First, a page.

As part of my fine exercise of Pioneer orbit calculations, I am using a polynomial extrapolation technique (actually, I believe it is called an acceleration technique) called Richardson extrapolation.

The basic idea is this: we compute something (for instance, a numerical integral) using an iteration step of size $h_1$. We repeat the computation several times using integration steps $h_2$, $h_3$, ..., $h_n$. We label successive results as $p_1$, $p_2$, ..., $p_n$. We now seek the polynomial $P$ of order $n-1$ such that $P(h_i)=p_i$. We then evaluate $P(0)$, which gives an estimate of the result that we would get, had we used an iteration step of 0.

In other words, we seek $a_1$, $a_2$, ..., $a_n$ such that

\begin{equation}
\begin{pmatrix}
1&h_1&h_1^2&...&h_1^{n-1}\\
1&h_2&h_2^2&...&h_2^{n-1}\\
.&.&.&...&.\\
1&h_n&h_n^2&...&h_n^{n-1}
\end{pmatrix}
\begin{pmatrix}
a_1\\
a_2\\~\\
\cdot\cdot\cdot\\
a_n
\end{pmatrix}
=
\begin{pmatrix}
p_1\\
p_2\\~\\
\cdot\cdot\cdot\\
p_n
\end{pmatrix}.
\end{equation}

Naturally, the solution of this equation can be obtained by straight matrix inversion. However, matrix inversion is computationally costly. Under some circumstances, it may be possible to avoid matrix inversion altogether. One such case is when successive intervals are halved (or multiplied by any other factor $t$), such that $h_1=th_0$, $h_2=th_1$, etc. In this case, we have (writing $h=h_0$):

\begin{equation}
\begin{pmatrix}
1&th&(th)^2&...&(th)^{n-1}\\
1&t^2h&(t^2h)^2&...&(t^2h)^{n-1}\\
.&.&.&...&.\\
1&t^nh&(t^nh)^2&...&(t^nh)^{n-1}
\end{pmatrix}
\begin{pmatrix}
a_1\\
a_2\\~\\
\cdot\cdot\cdot\\
a_n
\end{pmatrix}
=
\begin{pmatrix}
p_1\\
p_2\\~\\
\cdot\cdot\cdot\\
p_n
\end{pmatrix}.
\end{equation}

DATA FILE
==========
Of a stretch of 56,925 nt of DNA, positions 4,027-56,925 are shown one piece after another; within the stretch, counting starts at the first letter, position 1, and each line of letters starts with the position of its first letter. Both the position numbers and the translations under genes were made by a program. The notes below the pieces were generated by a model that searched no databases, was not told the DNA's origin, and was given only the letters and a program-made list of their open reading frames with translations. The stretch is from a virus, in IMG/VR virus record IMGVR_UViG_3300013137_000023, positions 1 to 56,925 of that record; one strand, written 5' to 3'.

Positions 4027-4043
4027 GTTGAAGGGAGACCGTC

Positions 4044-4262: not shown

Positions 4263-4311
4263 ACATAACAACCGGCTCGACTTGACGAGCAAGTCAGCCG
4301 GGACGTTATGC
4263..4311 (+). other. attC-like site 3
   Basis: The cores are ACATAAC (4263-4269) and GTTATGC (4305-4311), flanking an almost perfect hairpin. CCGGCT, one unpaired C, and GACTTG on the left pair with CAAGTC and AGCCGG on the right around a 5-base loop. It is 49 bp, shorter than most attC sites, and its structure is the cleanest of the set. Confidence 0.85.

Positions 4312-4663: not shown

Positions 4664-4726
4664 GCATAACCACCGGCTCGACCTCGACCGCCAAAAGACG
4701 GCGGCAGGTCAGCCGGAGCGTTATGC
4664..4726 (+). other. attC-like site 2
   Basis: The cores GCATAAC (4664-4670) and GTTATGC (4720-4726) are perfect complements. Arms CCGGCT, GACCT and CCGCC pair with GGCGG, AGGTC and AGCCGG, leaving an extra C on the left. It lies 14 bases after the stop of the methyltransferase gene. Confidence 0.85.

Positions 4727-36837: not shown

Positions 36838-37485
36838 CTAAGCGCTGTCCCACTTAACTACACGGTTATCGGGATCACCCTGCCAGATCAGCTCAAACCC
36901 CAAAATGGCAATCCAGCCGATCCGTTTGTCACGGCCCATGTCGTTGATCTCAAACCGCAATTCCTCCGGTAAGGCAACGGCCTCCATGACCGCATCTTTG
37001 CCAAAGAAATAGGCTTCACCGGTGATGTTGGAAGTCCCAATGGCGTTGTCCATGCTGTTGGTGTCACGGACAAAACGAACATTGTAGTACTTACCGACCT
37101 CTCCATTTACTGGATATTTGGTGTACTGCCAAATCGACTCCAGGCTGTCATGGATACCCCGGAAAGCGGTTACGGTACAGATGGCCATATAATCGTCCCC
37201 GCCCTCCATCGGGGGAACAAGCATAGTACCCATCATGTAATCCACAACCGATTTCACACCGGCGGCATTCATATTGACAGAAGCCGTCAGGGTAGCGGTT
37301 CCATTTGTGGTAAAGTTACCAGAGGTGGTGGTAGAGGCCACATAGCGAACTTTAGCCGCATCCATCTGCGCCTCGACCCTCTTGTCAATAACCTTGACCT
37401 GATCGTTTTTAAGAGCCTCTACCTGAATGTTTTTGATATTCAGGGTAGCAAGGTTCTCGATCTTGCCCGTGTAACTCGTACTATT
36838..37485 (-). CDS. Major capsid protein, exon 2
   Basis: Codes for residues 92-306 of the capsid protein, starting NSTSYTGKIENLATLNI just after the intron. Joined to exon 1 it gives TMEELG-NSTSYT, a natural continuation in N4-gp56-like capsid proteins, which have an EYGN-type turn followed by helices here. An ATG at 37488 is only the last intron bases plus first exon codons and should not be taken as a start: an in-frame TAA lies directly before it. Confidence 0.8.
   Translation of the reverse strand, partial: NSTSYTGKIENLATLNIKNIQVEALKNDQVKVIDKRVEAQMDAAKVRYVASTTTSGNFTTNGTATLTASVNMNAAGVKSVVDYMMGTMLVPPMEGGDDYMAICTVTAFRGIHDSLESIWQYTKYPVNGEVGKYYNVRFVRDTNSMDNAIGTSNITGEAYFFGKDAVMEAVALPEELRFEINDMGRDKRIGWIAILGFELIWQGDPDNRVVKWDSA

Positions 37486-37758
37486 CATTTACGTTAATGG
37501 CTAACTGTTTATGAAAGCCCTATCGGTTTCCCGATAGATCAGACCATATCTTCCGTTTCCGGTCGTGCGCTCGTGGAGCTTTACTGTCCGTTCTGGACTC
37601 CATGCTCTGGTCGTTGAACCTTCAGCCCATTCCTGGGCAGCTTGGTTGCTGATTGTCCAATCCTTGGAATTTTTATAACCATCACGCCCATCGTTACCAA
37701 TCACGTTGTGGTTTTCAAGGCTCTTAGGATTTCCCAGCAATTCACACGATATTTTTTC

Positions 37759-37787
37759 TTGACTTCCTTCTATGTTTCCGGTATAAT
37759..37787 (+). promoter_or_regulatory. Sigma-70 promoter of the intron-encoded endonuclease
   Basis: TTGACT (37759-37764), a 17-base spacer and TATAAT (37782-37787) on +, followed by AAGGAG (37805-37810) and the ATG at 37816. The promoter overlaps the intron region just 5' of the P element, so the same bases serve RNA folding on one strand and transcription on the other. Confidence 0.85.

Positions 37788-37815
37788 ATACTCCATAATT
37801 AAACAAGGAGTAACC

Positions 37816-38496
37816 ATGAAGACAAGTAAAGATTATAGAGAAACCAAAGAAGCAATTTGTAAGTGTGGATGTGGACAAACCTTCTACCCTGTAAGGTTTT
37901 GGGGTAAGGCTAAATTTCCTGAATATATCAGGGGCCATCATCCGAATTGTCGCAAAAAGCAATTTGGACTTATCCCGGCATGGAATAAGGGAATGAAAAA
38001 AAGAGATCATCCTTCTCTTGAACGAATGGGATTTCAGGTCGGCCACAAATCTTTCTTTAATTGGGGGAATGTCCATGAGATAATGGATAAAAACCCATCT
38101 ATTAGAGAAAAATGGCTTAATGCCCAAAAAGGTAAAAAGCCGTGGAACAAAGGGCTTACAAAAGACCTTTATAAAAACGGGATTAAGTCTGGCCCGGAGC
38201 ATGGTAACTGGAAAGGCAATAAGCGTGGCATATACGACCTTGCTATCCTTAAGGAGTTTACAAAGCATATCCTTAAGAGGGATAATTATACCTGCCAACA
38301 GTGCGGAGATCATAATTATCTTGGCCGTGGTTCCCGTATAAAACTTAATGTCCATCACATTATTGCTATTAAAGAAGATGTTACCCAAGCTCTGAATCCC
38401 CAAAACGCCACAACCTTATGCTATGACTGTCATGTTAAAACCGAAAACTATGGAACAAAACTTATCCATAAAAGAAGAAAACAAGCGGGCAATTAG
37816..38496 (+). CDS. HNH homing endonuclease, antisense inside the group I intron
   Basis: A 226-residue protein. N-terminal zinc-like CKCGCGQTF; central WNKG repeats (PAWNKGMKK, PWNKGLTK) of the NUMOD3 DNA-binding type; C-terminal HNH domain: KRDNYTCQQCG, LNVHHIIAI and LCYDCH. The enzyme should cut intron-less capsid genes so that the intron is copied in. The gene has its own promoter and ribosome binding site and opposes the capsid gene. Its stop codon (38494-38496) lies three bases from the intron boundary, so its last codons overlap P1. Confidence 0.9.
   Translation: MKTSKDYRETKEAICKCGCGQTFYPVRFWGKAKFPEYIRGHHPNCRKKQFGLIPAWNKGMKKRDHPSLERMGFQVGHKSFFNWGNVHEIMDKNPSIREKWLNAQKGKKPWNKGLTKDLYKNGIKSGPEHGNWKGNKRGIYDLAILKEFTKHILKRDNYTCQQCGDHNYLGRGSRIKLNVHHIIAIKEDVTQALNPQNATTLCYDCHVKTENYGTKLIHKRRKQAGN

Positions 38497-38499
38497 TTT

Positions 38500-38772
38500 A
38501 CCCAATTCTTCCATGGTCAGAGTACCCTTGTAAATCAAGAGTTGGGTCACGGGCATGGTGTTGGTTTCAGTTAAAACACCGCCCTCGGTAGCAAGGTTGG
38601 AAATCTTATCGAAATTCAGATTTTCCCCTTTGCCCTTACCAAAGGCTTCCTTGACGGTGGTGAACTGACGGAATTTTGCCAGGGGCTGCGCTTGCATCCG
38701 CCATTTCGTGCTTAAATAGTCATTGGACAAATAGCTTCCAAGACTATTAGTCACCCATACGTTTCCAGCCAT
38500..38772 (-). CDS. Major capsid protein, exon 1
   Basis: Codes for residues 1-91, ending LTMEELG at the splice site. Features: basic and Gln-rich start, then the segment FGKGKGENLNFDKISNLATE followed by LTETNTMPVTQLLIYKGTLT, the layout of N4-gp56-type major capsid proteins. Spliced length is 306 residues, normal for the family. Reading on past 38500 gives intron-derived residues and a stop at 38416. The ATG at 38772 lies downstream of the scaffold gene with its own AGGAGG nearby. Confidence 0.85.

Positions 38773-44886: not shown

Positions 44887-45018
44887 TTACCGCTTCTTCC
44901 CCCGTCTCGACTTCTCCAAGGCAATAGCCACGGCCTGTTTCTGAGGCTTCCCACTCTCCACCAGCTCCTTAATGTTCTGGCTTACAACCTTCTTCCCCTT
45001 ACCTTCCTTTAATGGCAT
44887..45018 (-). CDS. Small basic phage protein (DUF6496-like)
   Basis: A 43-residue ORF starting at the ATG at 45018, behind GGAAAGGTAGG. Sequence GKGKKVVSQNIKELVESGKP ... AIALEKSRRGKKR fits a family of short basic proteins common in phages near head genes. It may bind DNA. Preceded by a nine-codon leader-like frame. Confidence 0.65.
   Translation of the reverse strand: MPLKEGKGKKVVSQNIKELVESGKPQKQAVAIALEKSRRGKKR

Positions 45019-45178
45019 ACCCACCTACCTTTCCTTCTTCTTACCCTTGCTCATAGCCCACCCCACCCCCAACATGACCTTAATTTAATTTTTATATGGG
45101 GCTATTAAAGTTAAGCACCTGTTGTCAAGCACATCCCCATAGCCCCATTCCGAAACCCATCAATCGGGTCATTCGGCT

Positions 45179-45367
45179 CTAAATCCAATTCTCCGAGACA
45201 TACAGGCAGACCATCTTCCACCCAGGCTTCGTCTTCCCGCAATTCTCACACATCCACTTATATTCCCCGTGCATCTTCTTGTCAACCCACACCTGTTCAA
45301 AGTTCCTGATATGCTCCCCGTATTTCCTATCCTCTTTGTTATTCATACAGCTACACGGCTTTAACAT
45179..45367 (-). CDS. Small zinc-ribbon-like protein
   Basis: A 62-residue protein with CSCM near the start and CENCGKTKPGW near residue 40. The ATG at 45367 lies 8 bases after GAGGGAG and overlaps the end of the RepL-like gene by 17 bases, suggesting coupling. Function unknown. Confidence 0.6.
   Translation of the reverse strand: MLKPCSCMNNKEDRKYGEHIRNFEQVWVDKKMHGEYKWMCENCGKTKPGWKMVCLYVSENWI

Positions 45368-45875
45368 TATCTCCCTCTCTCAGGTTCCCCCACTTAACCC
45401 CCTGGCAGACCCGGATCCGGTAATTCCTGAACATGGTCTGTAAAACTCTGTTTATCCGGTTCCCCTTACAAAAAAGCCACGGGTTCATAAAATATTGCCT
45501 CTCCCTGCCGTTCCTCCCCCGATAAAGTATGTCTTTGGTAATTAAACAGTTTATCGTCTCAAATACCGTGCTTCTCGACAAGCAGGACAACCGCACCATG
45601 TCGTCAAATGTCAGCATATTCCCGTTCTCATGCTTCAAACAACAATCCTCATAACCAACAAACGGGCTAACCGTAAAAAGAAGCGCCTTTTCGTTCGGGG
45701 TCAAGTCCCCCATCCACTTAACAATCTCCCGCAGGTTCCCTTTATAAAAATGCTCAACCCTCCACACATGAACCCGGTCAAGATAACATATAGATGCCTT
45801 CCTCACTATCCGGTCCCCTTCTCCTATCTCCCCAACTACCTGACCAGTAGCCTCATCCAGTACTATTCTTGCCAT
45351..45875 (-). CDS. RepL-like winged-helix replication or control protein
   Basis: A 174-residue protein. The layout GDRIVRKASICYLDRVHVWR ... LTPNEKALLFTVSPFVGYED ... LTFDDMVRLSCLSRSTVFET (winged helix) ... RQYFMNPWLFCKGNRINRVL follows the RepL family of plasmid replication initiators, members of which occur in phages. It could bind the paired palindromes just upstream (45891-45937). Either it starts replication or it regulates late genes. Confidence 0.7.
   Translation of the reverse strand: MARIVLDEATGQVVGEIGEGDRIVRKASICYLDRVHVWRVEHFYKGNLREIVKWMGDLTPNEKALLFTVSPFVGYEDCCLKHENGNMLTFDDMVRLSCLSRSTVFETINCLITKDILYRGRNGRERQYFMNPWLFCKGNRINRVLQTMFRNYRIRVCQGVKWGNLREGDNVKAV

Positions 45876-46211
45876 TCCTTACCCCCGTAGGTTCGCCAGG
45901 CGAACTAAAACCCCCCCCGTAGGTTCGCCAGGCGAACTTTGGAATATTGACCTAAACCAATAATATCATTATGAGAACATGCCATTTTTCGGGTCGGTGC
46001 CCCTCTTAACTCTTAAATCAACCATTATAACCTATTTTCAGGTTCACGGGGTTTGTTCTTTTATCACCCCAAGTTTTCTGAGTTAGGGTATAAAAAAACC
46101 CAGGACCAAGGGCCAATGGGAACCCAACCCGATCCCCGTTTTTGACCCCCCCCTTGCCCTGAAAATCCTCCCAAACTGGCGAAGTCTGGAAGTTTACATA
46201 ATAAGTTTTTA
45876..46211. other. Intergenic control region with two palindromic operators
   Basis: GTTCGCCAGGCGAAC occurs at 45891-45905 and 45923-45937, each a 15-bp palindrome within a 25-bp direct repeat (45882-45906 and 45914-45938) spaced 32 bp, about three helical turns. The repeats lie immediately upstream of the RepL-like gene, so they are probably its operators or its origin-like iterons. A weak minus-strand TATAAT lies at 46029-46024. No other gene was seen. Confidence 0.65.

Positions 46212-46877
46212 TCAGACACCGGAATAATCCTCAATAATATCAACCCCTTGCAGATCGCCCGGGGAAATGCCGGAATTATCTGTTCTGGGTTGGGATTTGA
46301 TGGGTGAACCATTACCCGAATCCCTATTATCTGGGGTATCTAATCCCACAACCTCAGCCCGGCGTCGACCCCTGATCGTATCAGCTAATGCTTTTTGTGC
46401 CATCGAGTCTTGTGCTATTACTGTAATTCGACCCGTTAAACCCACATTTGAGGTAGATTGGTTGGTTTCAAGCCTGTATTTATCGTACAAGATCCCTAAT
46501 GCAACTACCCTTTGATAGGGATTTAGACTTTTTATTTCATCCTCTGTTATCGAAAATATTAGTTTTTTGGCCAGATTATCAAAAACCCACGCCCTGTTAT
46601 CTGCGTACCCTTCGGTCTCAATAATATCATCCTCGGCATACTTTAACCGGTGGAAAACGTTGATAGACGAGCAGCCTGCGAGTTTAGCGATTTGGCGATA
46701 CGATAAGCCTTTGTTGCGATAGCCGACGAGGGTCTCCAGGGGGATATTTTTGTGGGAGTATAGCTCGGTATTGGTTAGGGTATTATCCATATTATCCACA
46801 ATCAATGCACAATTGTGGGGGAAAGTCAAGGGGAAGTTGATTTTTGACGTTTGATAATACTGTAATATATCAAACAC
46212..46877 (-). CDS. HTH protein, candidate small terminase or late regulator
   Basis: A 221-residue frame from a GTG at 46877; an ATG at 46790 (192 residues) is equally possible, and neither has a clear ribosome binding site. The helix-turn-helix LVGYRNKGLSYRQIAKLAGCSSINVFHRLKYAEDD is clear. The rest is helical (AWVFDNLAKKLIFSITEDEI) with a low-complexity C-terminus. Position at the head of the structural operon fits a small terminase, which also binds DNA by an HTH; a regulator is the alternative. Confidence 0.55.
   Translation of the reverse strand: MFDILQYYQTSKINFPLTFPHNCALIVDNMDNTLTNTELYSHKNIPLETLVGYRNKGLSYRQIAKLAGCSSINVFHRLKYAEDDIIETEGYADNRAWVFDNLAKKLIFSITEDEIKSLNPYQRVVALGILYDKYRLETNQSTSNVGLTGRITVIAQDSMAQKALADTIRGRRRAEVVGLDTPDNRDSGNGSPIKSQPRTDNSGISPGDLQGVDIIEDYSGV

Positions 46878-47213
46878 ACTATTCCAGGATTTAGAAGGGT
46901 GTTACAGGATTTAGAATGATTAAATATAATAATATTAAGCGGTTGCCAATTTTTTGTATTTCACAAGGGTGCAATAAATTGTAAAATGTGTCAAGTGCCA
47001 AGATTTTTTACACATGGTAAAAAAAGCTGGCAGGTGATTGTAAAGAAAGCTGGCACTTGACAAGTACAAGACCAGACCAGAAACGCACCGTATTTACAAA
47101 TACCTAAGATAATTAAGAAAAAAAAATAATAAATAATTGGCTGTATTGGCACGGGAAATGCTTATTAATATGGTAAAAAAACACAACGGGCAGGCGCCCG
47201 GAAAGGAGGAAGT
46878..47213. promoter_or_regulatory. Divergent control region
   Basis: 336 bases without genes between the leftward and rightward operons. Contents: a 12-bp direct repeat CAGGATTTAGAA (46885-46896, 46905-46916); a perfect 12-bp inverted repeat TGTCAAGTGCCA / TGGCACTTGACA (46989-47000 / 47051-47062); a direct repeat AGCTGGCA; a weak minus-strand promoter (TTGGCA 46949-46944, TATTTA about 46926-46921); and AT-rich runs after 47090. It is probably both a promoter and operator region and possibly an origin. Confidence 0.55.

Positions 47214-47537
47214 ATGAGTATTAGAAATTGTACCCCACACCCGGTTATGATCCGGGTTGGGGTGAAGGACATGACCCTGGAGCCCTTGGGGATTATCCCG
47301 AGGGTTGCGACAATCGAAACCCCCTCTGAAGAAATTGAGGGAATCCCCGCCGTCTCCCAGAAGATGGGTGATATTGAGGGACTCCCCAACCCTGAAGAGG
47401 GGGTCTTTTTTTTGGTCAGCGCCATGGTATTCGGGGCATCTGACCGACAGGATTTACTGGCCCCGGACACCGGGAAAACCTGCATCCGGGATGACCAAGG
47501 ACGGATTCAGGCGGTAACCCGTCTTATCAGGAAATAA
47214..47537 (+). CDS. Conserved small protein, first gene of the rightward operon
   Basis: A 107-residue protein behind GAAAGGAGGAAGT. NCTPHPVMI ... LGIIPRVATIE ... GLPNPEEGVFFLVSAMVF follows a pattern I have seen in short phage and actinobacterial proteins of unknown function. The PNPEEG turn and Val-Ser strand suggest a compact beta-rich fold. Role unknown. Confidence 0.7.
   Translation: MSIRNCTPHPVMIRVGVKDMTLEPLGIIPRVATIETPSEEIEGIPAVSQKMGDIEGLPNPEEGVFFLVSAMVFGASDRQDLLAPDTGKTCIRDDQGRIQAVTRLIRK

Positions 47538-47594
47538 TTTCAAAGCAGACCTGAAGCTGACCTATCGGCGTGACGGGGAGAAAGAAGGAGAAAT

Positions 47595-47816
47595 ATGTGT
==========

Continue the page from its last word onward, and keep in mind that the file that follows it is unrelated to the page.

The matrix $M$ on the left hand side of this equation can be triangularized. The $i$th row, $j$th column of this matrix is

\begin{equation}
M_{ij}=(t^ih)^{j-1}.
\end{equation}

We can now form the rows of a triangularized matrix $M^*$ as follows:

\begin{align}
M'_{kj}&=M_{kj}-M_{1j}~~~&(k=2,...,n),\\
M''_{kj}&=M'_{kj}-\frac{M'_{k2}}{M'_{22}}M'_{2j}~~~&(k=3,...,n),\\
M'''_{kj}&=M''_{kj}-\frac{M''_{k3}}{M''_{33}}M''_{3j}~~~&(k=4,...,n),\\
&...,\\
M^{(l)}_{kj}&=M^{(l-1)}_{kj}-\frac{M^{(l-1)}_{kl}}{M^{(l-1)}_{ll}}M^{(l-1)}_{lj}~~~&(k=l+1,...,n).
\end{align}

where we used the notation $M^{(0)}=M$, $M^{(1)}=M'$, $M^{(2)}=M''$, etc. Then:

\begin{equation}
M^*_{kj}=M^{(k-1)}_{kj}.
\end{equation}

Correspondingly, we must also adjust the right-hand side. using similar notation for $p^{(0)}=p$, $p^{(1)}=p'$, etc.:

\begin{align}
p^{(l)}_k&=p^{(l-1)}_k-\frac{M^{(l-1)}_{kl}}{M^{(l-1)}_{ll}}p^{(l-1)}_l,\\
p^*_k&=p^{(k-1)}_k.
\end{align}

The solution for $a_i$ can then be written in the form:

\begin{align}
a_n&=\frac{p^*_n}{M^*_{nn}},\\
a_{n-1}&=\frac{p^*_{n-1}-M^*_{(n-1)n}a_n}{M^*_{(n-1)(n-1)}},\\
a_k&=\frac{p^*_k-\sum\limits_{l=k+1}^nM^*_{kl}a_l}{M^*_{kk}}.
\end{align}

Finally, we have

\begin{equation}
P(0)=a_1,
\end{equation}

which is the result we sought. Simultaneously, we could also evaluate $P(h)$, which could then be compared against the next numerical iteration to see how well our polynomial approximation predicts its value.

These calculations can be trivially implemented using computer algebra code, such as the following lines in Maxima:

N:5;t:2;M:zeromatrix(N,N);for i thru N do for j thru N do M[i,j]:(t^i*h)^(j-1);P:zeromatrix(N,1);for i thru N do P[i,1]:concat(p,i);for k from 2 thru N do for i from k thru N do    (P[i]:P[i]-P[k-1]*M[i,k-1]/M[k-1,k-1],M[i]:M[i]-M[k-1]*M[i,k-1]/M[k-1,k-1]);M;factor(P);factor((M^^-1).P);